The funeral was held on Baldwin’s birthday, and he spent the day drinking whisky with a female friend and wondering what to wear because he did not own any black clothes. His friend eventually found him a black shirt. At the church, Baldwin reflected that his aunt, who fought with his father throughout his life, was one of the only people who had a real connection with him. During the eulogy, Baldwin notes that the preacher was not describing his father as he really was, but rather inviting the congregation to forgive his father, reminding them that they did not know the full truth of what he suffered. Someone began singing one of Baldwin’s father’s favorite songs, and suddenly Baldwin was transported to a memory of sitting on his father’s lap in church. He recalls that his father used to show off Baldwin’s singing voice to others when he was young. He remembers their fights, and the only time in which they “had really spoken to each other.” Just before Baldwin left home, his father asked him if he’d “rather write than preach,” and Baldwin replied, simply, “Yes.” Baldwin did not want to see his father’s body in the casket, but had no choice but to go and look. Baldwin felt that his father looked like any “old man dead,” and notes the strange proximity of the body to his newborn child.
This passage is a cathartic and redemptive moment in an otherwise bleak essay. Baldwin’s inability to find suitable clothes, his sense that the preacher is not being honest, and his reluctance to see his father’s body all create the impression that he is alienated from his father and from the process of mourning him. However, at the same time he experiences a sudden sense of connection to his father through the experience of hearing the song. This in turn leads him to remember their only moment of true communication. Although it is tragic that this moment was so fleeting, there is also beauty in the fact that Baldwin recalls it at all, alongside other happy memories of his father’s life. The presence of his father’s youngest child, a newborn baby, creates a sense of hope. Although Baldwin’s father is gone, part of him lives on through his children, who may experience some of the joy and freedom that he was denied.
February 26, 1958Notes of a Native Son
By LANGSTON HUGHES
NOTES OF A NATIVE SON
By James Baldwin.
think that one definition of the great artist might be the creator who projects the biggest dream in terms of the least person. There is something in Cervantes or Shakespeare, Beethoven or Rembrandt or Louis Armstrong that millions can understand. The American native son who signs his name James Baldwin is quite a ways off from fitting such a definition of a great artist in writing, but he is not as far off as many another writer who deals in picture captions of journalese in the hope of capturing and retaining a wide public. James Baldwin writes down to nobody, and he is trying very hard to write up to himself. As an essayist he is thought-provoking, tantalizing, irritating, abusing and amusing. And he uses words as the sea uses waves, to flow and beat, advance and retreat, rise and take a bow in disappearing.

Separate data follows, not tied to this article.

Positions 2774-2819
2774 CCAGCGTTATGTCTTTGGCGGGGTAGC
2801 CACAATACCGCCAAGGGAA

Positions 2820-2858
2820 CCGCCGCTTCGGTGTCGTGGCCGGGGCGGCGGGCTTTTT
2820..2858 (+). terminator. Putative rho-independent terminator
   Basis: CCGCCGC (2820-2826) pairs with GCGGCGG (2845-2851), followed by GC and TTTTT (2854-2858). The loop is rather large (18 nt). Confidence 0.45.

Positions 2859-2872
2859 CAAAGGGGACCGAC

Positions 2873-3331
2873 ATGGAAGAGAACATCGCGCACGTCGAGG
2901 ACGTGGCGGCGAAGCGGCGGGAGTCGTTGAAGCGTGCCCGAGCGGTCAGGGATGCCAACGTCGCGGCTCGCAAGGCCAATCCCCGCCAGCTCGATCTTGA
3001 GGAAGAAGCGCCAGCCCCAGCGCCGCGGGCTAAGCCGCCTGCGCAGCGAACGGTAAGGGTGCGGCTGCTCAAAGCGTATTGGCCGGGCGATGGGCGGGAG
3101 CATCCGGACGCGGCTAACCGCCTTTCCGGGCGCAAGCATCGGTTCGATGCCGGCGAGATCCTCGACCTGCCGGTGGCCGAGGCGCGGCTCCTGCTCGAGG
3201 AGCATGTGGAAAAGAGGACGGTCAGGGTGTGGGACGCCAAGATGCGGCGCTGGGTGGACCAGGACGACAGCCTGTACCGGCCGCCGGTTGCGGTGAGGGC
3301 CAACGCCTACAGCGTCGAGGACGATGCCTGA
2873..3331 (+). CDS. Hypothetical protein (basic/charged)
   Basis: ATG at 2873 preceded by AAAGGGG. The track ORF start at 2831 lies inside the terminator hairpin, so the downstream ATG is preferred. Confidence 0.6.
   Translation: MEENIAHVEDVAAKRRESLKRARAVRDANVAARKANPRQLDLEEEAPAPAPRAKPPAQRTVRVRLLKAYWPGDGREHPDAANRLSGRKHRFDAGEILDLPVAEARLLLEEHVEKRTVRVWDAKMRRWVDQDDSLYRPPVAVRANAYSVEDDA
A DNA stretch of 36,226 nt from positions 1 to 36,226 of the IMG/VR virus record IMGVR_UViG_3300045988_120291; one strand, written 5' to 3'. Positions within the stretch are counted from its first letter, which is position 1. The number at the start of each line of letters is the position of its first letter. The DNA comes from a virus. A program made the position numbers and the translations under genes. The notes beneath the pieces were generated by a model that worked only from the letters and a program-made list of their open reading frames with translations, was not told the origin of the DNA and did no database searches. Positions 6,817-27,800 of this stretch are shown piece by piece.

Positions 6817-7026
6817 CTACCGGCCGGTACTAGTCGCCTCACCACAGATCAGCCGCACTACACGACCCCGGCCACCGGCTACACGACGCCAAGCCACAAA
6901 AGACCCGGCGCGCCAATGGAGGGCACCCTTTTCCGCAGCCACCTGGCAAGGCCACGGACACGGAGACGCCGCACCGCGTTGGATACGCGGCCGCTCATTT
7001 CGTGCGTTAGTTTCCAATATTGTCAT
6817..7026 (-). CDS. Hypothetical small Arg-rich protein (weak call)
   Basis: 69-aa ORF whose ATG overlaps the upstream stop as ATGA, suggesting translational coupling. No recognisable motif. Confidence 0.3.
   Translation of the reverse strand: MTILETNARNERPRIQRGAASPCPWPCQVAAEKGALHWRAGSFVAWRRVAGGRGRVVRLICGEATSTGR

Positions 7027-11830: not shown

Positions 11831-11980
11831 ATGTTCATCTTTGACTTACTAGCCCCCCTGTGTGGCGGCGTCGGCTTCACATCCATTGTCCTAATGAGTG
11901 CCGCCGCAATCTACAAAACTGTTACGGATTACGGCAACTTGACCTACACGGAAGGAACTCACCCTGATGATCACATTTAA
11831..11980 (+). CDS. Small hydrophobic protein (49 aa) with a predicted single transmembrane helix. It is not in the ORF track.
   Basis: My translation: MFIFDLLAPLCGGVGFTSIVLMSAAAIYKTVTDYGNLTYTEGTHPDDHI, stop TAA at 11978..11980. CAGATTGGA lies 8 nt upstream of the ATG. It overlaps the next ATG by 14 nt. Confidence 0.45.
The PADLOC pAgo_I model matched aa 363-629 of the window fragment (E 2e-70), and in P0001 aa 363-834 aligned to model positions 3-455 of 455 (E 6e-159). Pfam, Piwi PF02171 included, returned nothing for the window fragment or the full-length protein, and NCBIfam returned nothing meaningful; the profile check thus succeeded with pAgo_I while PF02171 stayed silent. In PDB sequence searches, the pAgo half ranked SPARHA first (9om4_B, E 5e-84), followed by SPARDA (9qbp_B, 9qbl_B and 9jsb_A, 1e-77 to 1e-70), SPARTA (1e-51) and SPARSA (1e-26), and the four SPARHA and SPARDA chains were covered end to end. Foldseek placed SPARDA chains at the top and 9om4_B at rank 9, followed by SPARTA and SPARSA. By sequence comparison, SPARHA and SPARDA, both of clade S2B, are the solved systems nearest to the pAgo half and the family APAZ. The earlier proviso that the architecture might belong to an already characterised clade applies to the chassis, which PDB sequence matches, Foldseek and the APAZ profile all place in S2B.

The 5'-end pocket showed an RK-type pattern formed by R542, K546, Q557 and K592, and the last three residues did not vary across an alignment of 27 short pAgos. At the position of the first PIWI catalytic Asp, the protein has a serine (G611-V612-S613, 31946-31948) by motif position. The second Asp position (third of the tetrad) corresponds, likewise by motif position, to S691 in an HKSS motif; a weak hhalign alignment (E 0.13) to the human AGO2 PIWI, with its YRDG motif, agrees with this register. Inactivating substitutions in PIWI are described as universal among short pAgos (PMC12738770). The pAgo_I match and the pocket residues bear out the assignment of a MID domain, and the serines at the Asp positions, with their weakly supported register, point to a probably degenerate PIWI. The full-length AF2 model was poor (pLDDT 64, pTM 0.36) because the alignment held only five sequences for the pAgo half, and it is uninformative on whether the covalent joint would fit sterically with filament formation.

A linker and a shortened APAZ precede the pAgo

In "Notes of a Native Son," James Baldwin surveys in pungent commentary certain phases of the contemporary scene as they relate to the citizenry of the United States, particularly Negroes. Harlem, the protest novel, bigoted religion, the Negro press and the student milieu of Paris are all examined in black and white, with alternate shutters clicking, for hours of reading interest. When the young man who wrote this book comes to a point where he can look at life purely as himself, and for himself, the color of his skin mattering not at all, when, as in his own words, he finds "his birthright as a man no less than his birthright as a black man," America and the world might as well have a major contemporary commentator.
Few American writers handle words more effectively in the essay form than James Baldwin. To my way of thinking, he is much better at provoking thought in the essay than he is arousing emotion in fiction. I much prefer "Notes of a Native Son" to his novel, "Go Tell It on the Mountain," where the surface excellence and poetry of his writing did not seem to me to suit the earthiness of his subject matter. In his essays, words and material suit each other. The thought becomes poetry, and the poetry illuminates the thought.
What James Baldwin thinks of the protest novel from "Uncle Tom's Cabin" to Richard Wright, of the motion picture "Carmen Jones," of the relationships between Jews and Negroes, and of the problems of American minorities in general is herein graphically and rhythmically set forth. And the title chapter concerning his father's burial the day after the Harlem riots, heading for the cemetery through broken streets--"To smash something is the ghetto's chronic need"--is superb. That Baldwin's viewpoints are half American, half Afro-American, incompletely fused, is a hurdle which Baldwin himself realizes he still has to surmount. When he does, there will be a straight-from-the-shoulder writer, writing about the troubled problems of this troubled earth with an illuminating intensity that should influence for the better all who ponder on the things books say.
Mr. Hughes, the poet, is author the recent book, "The Sweet Flypaper of Life."
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